Scarlett Moffatt, Patricia Devlin, Gender and AI
There's to be an inquiry into the Covid pandemic. It will start in Spring next year. We speak to one of the women who's been pushing for it, but still thinking it's starting too late. Her name is Jean Adamson from the Covid-19 Bereaved families For Justice.
Scarlett Moffatt, famous for Gogglebox and winning I'm A Celebrity ... has just become an ambassador for The Samaritans. She talks to Woman's Hour about how reality television has affected her mental health, and exchanges experiences with Montana Brown who appeared on Love Island. One of the things they talk about is whether reality TV does enough to support young women who choose to go on these shows.
Patricia Devlin is a crime journalist in Northern Ireland. She specialises in investigating paramilitary criminal activity. Because of her work, Patricia has suffered continuous threats to her life but now her baby son has been targeted for the second time. She tells us how she's coping and how she wants the PSNI to take these threats more seriously.
Artificial intelligence is everywhere. AI is playing a part in how we all work, live and play. But there are worries that because AI algorithms are created from the data we give it, biases in society will be replicated and even amplified by it in the future. Both the The European Union and the UK government are working on strategies to address this. Emma talks to the tech entrepreneur Tabitha Goldstaub who Chairs the UK's AI Council and to Carly Kind the Director of the Ada Lovelace Institute.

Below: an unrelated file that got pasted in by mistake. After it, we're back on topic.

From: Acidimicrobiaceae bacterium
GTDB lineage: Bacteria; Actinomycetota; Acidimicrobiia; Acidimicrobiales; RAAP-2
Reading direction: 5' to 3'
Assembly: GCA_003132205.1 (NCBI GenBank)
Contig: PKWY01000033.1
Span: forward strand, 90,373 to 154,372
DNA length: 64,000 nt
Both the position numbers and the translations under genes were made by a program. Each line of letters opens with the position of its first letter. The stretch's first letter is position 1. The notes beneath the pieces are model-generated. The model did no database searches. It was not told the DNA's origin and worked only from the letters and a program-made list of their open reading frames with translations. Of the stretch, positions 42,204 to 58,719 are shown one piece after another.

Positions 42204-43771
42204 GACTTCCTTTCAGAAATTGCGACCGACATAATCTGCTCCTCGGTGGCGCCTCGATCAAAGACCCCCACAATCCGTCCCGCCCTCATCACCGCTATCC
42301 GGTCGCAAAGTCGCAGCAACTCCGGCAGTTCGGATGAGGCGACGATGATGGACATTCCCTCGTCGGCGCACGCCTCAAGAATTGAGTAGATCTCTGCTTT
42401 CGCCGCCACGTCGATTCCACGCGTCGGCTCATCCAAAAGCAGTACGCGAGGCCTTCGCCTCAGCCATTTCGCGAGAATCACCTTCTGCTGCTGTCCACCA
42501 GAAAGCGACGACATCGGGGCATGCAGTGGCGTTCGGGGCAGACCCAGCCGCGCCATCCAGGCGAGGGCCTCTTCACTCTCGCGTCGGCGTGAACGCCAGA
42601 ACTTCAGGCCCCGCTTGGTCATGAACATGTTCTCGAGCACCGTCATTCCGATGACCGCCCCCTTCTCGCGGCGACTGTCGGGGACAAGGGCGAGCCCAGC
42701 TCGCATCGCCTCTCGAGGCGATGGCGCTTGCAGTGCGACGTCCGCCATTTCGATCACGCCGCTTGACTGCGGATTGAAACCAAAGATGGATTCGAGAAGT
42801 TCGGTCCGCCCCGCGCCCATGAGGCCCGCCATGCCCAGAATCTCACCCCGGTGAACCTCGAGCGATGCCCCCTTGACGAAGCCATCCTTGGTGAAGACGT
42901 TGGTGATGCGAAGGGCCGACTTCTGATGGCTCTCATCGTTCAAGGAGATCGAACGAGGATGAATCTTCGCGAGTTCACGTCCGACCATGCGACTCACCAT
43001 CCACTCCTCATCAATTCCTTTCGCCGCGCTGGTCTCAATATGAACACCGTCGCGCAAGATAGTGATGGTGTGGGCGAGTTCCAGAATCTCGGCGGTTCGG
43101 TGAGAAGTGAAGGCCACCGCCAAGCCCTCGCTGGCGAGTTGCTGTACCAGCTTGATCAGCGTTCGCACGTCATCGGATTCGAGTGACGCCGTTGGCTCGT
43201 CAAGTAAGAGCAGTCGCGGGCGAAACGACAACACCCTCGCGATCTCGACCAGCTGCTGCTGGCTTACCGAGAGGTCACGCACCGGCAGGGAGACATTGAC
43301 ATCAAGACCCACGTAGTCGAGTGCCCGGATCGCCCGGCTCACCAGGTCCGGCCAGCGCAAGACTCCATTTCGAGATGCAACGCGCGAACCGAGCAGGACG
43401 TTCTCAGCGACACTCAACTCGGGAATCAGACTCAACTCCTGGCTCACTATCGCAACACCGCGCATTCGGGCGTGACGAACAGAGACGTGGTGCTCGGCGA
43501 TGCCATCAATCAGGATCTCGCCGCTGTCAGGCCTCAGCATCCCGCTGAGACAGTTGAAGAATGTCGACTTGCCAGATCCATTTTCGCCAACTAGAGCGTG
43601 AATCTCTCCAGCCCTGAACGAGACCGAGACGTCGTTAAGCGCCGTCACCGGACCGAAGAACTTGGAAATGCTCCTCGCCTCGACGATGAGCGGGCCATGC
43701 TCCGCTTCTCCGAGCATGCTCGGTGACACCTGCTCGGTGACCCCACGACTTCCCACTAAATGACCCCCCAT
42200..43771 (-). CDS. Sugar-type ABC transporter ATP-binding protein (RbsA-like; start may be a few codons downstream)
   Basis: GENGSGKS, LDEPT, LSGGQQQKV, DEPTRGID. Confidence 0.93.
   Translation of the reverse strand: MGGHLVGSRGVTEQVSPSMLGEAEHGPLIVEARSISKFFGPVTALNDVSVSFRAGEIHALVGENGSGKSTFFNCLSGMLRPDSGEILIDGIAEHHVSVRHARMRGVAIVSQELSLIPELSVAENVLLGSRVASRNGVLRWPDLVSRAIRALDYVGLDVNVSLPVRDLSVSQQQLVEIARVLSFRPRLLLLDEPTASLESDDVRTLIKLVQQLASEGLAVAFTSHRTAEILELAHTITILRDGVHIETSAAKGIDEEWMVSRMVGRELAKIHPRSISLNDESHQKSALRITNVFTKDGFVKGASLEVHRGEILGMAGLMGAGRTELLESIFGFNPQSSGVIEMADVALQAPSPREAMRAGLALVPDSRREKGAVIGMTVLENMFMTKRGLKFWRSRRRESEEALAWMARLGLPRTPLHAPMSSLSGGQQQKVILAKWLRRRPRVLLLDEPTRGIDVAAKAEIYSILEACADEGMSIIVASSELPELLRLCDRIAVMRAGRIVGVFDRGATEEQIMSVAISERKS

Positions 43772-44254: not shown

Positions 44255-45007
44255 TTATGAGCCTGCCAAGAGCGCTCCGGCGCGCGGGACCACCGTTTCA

Female Astronauts, Second Chances, Jackie Weaver, Celebs and the male gaze
A total of 65 women have been into space - compared with 501 men. The last time the European Space Agency recruited for their Class of 2009, only 16% of applications came from women. That process led to Just one - Samantha Cristoforetti of Italy - being chosen. In a break from training for a 2022 mission to the International Space Station, Samantha joins Emma to discuss why so few women apply to be astronauts, the skills needed to make it in space, and how women can put themselves forward for ESA's latest recruitment drive.